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Wine glass size may influence perceived volume and subsequently purchasing and consumption. Using a larger glass to serve the same portions of wine was found to increase wine sales by 9.4% (95% CI 1.9, 17.5) in a recent study conducted in one bar. The current study aimed to replicate this previous work in two other bars using a wider range of glass sizes. To match the previous study, a repeated multiple treatment reversal design, during which wine was served in glasses of the same design but different sizes, was used. The study was conducted in two bars in Cambridge, England, using glass sizes of 300, 370, 510 ml (Bar 1) and 300 and 510 ml (Bar 2). Customers purchased their choice of a 750 ml bottle, or standard UK measures of 125, 175 or 250 ml of wine, each of which was served with the same glass.
Bar 1 Daily wine volume (ml) purchased was 10.5% (95% CI 1.0, 20.9) higher when sold in 510 ml compared to 370 ml glasses; but sales were not significantly higher with 370 ml versus 300 ml glasses (6.5%, 95% CI −5.2, 19.6). Bar 2 Findings were inconclusive as to whether daily wine purchased differed when using 510 ml versus 300 ml glasses (−1.1%, 95% CI −12.6, 11.9). These results provide a partial replication of previous work showing that introducing larger glasses (without manipulating portion size) increases purchasing. Understanding the mechanisms by which wine glass size influences consumption may elucidate when the effect can be expected and when not.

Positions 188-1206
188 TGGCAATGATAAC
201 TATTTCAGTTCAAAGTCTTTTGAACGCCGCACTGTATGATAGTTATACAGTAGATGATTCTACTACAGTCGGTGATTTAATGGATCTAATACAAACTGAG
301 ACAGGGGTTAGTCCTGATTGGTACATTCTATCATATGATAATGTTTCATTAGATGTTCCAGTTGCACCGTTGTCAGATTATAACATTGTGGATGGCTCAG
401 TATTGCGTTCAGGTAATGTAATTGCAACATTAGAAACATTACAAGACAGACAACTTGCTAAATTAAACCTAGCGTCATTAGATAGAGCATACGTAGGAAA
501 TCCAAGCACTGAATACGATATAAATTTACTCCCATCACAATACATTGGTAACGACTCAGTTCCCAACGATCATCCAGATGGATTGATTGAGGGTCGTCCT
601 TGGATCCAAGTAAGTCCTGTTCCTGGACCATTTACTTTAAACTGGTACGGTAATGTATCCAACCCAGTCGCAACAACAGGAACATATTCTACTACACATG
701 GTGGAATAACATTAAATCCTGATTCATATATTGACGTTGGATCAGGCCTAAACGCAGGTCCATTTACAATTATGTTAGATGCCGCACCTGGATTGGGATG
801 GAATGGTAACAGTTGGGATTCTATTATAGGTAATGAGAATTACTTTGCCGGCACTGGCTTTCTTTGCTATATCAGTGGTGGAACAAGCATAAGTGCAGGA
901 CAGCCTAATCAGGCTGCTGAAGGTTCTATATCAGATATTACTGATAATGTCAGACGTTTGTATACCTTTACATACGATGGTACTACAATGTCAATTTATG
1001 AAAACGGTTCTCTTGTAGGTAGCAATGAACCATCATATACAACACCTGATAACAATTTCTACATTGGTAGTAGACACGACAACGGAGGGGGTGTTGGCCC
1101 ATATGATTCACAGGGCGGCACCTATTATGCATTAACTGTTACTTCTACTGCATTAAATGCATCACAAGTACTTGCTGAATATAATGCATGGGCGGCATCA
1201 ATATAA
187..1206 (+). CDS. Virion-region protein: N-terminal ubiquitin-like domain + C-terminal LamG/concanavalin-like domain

Trial registration This study is a replication study, based on the procedure set out in the trial registration for the study that it attempts to replicate (ISRCTN registry: ISRCTN12018175)
Excessive alcohol consumption is a major contributor to the global burden of disease . Results of a Cochrane review showed tableware size influences consumption for food and non-alcoholic beverages, but there was an absence of evidence relating to alcoholic beverages . This paper explores glassware as a potential cue that influences alcohol consumption.
Several studies indicate that larger glasses may lead to more alcohol being poured (including pouring by serving staff such as bartenders), and subsequently consumed [3, 4]. In addition, the same portion of wine served in a larger glass may be perceived as less than when served in a smaller glass . Together, these studies suggest that serving alcohol in larger glasses might increase consumption.
The effects of wine glass size on purchasing (a proxy measure of consumption) was examined in one recent study conducted in a bar setting . This study, carried out in one establishment in Cambridge, England, suggested that using larger (370 ml) glasses increased wine sales by 9.4% compared to serving wine in the bar’s standard glasses (300 ml). However, results were inconclusive comparing sales using smaller glasses (250 ml) versus standard glasses. The current study aims to replicate this previous study in two further bars.